Analysis Of The Book ' The Lion, The Witch, And The Wardrobe '

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In 1950, eager readers approaching the children’s fantasy section of the bookstore were met with an unusual new title: The Lion, the Witch, and the Wardrobe. To children, the combination of those three things was intriguing enough. To adults, the name of the author would have piqued more interest: C. S. Lewis, the renowned Christian writer. His name appears on such other titles as The Screwtape Letters, The Problem of Pain, The Weight of Glory, Miracles, and later Mere Christianity, a hallmark of religious classics. While the younger generation pondered how Narnia could fit into something as small as a wardrobe, mature readers would have mulled over a different question. How does The Chronicles of Narnia fit into his other religious works? …show more content…

Despite his “sin,” Digory repents of waking up the Witch and bringing her to Narnia (see Moses 5:10-11) and plants a Tree to keep the Witch away. It may not be a cherubim or a flaming sword (see Genesis 3:24), but it will prevent the Witch from coming within a hundred miles (The Magician’s Nephew, 189).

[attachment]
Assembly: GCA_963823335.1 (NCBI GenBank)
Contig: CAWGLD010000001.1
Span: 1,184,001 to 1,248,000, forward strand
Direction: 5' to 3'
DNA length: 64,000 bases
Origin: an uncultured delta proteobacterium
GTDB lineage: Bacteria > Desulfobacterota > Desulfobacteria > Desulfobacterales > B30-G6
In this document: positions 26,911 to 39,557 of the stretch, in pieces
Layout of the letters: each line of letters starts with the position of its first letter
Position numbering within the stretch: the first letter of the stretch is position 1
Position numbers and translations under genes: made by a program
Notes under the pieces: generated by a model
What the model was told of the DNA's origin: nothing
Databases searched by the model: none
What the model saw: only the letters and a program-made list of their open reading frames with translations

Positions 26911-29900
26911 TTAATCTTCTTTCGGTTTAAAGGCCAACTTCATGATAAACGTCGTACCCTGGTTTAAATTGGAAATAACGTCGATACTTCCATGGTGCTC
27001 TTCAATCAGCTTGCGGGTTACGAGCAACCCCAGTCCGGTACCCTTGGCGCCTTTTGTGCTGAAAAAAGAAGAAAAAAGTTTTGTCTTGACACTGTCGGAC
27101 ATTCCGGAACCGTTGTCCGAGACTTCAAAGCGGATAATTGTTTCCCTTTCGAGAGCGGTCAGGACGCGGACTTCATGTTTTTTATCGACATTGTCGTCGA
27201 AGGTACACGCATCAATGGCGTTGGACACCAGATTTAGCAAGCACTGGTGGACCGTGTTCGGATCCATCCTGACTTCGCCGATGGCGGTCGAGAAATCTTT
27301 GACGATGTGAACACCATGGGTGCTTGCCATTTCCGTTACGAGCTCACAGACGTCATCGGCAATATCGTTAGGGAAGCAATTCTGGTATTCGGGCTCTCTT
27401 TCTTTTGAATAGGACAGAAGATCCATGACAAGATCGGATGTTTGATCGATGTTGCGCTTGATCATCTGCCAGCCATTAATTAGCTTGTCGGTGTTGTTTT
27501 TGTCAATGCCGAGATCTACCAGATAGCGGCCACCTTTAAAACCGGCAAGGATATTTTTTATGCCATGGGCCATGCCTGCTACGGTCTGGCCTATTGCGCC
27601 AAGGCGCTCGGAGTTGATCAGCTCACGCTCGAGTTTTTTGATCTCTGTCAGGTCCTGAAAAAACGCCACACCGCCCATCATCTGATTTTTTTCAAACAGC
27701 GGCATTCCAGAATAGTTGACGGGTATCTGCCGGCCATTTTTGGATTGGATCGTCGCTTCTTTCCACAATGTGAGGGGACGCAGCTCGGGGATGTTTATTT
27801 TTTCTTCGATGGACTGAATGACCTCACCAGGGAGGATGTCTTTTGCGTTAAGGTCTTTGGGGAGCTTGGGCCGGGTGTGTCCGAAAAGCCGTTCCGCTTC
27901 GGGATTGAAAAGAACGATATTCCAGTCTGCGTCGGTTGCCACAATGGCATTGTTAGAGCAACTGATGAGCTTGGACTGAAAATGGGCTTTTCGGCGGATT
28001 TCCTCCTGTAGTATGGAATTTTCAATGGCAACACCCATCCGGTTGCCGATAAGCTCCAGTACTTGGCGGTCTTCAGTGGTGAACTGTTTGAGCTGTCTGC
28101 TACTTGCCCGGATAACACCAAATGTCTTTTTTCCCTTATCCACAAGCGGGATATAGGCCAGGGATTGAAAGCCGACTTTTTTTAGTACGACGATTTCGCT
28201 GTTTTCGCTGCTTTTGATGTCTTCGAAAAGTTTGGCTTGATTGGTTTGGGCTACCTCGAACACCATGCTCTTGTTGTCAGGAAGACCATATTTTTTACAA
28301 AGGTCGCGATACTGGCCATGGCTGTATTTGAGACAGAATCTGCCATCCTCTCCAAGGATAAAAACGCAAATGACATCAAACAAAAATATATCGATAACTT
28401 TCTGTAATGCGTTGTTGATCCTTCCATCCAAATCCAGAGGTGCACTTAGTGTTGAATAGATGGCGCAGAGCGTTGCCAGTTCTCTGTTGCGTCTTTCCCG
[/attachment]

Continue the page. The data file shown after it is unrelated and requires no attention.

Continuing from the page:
The Lion, the Witch, and the Wardrobe
The first book in The Chronicles of Narnia contains the most obvious Gospel reference. The story first gains traction when the Pevensies bring Christmas to Narnia. “[The White Witch] has made a magic so that it is always winter in Narnia—always winter, but it never gets to Christmas” (The Lion, the Witch, and the Wardrobe 59). Likewise, the New Testament begins with the birth of Christ (see Matthew 1:1, 18). One of the Pevensies, Edmund, betrays Aslan to the White Witch, indirectly through Deep Magic (The Lion, the Witch, and the Wardrobe 141-142). Judas’s betrayal of Jesus, while more deliberate than Edmund’s, is described in John 18:1-5. Aslan is able to overcome the Deep Magic by invoking Deeper Magic at the Stone Table, and defeats the Witch after coming back to life. Likewise, the scriptures prophesy of a Savior who will conquer death (see The Book of Mormon, 2 Nephi 2:8) and the world (see John 16:33). At long last, “Adam’s flesh and Adam’s bone [s]it at Cair Paravel in throne” and “[t]he evil time [is] over and done” (The Lion, the Witch, and the Wardrobe, 81). Aslan leaves and Peter is given the

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